Classical

Review: Itzhak Perlman and Evgeny Kissin Wonderfully Resumes Chamber Music Concerts at Symphony Center

Evgeny Kissin applies bold and fiery playing to chamber music. Photo by F. Berode.

Itzhak Perlman performs chamber music with excellence. Photo by Lisa Maris Mazzucco.

Symphony Center Presents resumed its strike-interrupted season on Wednesday night with violinist Itzhak Perlman and pianist Evgeny Kissin offering a program of repertoire standards. The pairing of Kissin, who, in his late 40s, is no longer the youthful sensation he once was, with Perlman, who, having performed as a violin soloist and chamber musician for over 60 years, is an institution, follows last year’s pairing of Kissin with the Emerson String Quartet. It is nice to hear Kissin exploring the chamber music repertoire, adding his excellent piano playing to chamber music heavyweights. This year’s installment was delightful. Like last year, Kissin will be following-up this performance with a solo performance of his own.

The concert opened with a brilliant violin sonata in D-major by Wolfgang Amadeus Mozart, who wrote dozens of works for violin and keyboard, even at a very early age. By the time the 21-year-old composer wrote this one, K. 306, he had already written 22 other violin sonatas. The earliest pieces, written at the tender age of six, predominantly focused on the keyboard with violin offering accompaniment. Mozart’s emerging maturity showed off big time in this work, both in the music’s expressiveness and in the equal roles given the two instruments.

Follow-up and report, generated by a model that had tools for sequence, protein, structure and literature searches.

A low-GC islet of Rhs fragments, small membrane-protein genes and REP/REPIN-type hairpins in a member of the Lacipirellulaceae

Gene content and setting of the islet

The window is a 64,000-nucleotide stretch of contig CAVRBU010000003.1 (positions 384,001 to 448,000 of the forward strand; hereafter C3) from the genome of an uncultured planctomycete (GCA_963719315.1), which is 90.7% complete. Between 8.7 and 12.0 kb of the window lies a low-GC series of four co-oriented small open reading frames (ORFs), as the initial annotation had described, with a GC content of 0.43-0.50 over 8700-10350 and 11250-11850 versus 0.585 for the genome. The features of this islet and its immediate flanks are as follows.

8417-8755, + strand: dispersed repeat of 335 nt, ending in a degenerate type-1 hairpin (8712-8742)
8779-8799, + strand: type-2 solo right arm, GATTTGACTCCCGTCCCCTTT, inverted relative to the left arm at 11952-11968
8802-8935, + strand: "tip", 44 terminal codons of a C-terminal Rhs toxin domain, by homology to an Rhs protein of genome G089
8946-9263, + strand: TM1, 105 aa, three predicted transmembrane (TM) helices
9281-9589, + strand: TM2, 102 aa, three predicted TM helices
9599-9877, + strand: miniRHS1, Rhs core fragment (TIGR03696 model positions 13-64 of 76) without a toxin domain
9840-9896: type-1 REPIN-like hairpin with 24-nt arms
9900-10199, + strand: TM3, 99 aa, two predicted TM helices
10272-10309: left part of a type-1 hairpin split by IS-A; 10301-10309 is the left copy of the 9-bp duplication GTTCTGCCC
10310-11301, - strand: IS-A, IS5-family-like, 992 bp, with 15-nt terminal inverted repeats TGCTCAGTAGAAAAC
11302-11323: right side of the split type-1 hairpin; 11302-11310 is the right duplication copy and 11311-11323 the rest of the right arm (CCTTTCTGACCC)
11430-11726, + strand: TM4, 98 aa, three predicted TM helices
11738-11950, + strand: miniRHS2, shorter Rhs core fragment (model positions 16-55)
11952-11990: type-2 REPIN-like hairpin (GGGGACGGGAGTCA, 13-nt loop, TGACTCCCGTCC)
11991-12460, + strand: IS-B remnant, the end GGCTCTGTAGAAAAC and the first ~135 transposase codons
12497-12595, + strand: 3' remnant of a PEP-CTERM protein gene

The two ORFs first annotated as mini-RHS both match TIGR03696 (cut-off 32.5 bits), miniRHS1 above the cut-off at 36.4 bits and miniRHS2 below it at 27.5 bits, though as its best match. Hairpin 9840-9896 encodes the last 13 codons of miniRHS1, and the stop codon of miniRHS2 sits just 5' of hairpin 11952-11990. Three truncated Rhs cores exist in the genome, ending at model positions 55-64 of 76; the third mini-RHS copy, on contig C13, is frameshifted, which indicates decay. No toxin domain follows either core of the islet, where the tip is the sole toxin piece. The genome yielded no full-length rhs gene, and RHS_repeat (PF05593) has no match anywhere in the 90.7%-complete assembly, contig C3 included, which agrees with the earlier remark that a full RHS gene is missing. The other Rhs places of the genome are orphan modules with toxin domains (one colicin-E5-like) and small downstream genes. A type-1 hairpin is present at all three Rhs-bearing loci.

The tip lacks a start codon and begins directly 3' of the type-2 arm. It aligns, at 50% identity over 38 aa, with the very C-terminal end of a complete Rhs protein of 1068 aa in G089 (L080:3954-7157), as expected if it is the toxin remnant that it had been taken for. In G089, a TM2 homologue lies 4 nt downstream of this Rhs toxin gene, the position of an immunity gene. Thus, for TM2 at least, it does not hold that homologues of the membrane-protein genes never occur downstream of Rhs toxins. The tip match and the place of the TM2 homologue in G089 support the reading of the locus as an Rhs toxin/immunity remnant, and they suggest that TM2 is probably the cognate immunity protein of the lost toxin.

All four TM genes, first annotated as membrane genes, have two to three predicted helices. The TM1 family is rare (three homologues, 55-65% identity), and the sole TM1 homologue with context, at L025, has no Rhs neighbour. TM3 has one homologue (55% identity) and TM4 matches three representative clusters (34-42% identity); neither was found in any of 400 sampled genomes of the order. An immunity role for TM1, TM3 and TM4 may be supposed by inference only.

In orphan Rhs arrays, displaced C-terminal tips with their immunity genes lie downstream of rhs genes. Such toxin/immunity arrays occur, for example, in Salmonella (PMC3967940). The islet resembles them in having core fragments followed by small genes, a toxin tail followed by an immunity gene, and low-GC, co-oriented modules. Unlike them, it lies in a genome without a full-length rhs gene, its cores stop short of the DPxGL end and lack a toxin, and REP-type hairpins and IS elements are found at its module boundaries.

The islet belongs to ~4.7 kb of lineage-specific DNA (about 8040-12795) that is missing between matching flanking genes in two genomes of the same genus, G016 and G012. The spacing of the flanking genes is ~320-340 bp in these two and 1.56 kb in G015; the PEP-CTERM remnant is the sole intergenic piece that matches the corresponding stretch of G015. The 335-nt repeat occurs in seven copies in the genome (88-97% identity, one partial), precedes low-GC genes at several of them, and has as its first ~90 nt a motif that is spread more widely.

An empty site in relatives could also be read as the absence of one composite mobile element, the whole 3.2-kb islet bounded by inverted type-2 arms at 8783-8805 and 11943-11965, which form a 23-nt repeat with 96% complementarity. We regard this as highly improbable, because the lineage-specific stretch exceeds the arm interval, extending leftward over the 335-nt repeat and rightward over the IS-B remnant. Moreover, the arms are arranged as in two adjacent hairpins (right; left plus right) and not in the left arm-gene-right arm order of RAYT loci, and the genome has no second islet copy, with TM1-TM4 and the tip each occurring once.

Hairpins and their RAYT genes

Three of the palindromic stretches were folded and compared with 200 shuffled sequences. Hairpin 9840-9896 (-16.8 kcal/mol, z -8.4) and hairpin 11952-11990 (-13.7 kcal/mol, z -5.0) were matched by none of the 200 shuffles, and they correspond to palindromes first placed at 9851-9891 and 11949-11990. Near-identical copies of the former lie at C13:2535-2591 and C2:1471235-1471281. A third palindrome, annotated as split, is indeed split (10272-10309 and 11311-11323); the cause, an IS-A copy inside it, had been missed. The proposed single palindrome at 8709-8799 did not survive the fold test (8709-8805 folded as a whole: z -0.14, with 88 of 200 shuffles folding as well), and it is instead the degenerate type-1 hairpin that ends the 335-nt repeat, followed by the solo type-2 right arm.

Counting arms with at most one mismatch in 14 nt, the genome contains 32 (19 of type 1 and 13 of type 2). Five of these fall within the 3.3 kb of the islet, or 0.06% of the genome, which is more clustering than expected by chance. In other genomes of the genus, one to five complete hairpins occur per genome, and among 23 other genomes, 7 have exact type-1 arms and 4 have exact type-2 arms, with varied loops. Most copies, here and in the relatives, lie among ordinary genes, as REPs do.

From the sonata’s opening flourish Perlman and Kissin captured the music’s brilliance, showing depth with a very gentle approach to the quieter secondary theme. Kissin was especially effective when reproducing Mozartian runs with every note given an identical touch. Perlman and Kissin’s subtlety carried over into the slower middle movement, where they passed melodies back and forth as if they’d been doing it together for years. The sonata’s finale marvelously mixes march-like passages with ribald outbursts. It is eerily reminiscent of the finale of the D-major violin concerto, K. 218, the teenage Mozart had written 5 years previously. Perlman and Kissin gave it a genteel feel as they effortlessly moved from bravado to frolic.

Itzhak Perlman performed wonderfully on Wednesday night. Photo by Lisa Marie Mazzucco.

The next work on the program has very different feel and outlook from the Mozart. This work, the second violin sonata by Johannes Brahms in A-major, op. 100, shows off this romantic composer’s mellower side. While the work certainly has moments of tension, it is remarkable how an overall sense of calmness oozes throughout. This is a marked contrast to the two pieces that immediately surround it in the Brahms cannon, a cello sonata in F-major, op 99, and a piano trio in c-minor, op. 101. As a group, the three works explore the full range of Brahms’ talent; a concert devoted solely to these three works would certainly be of interest.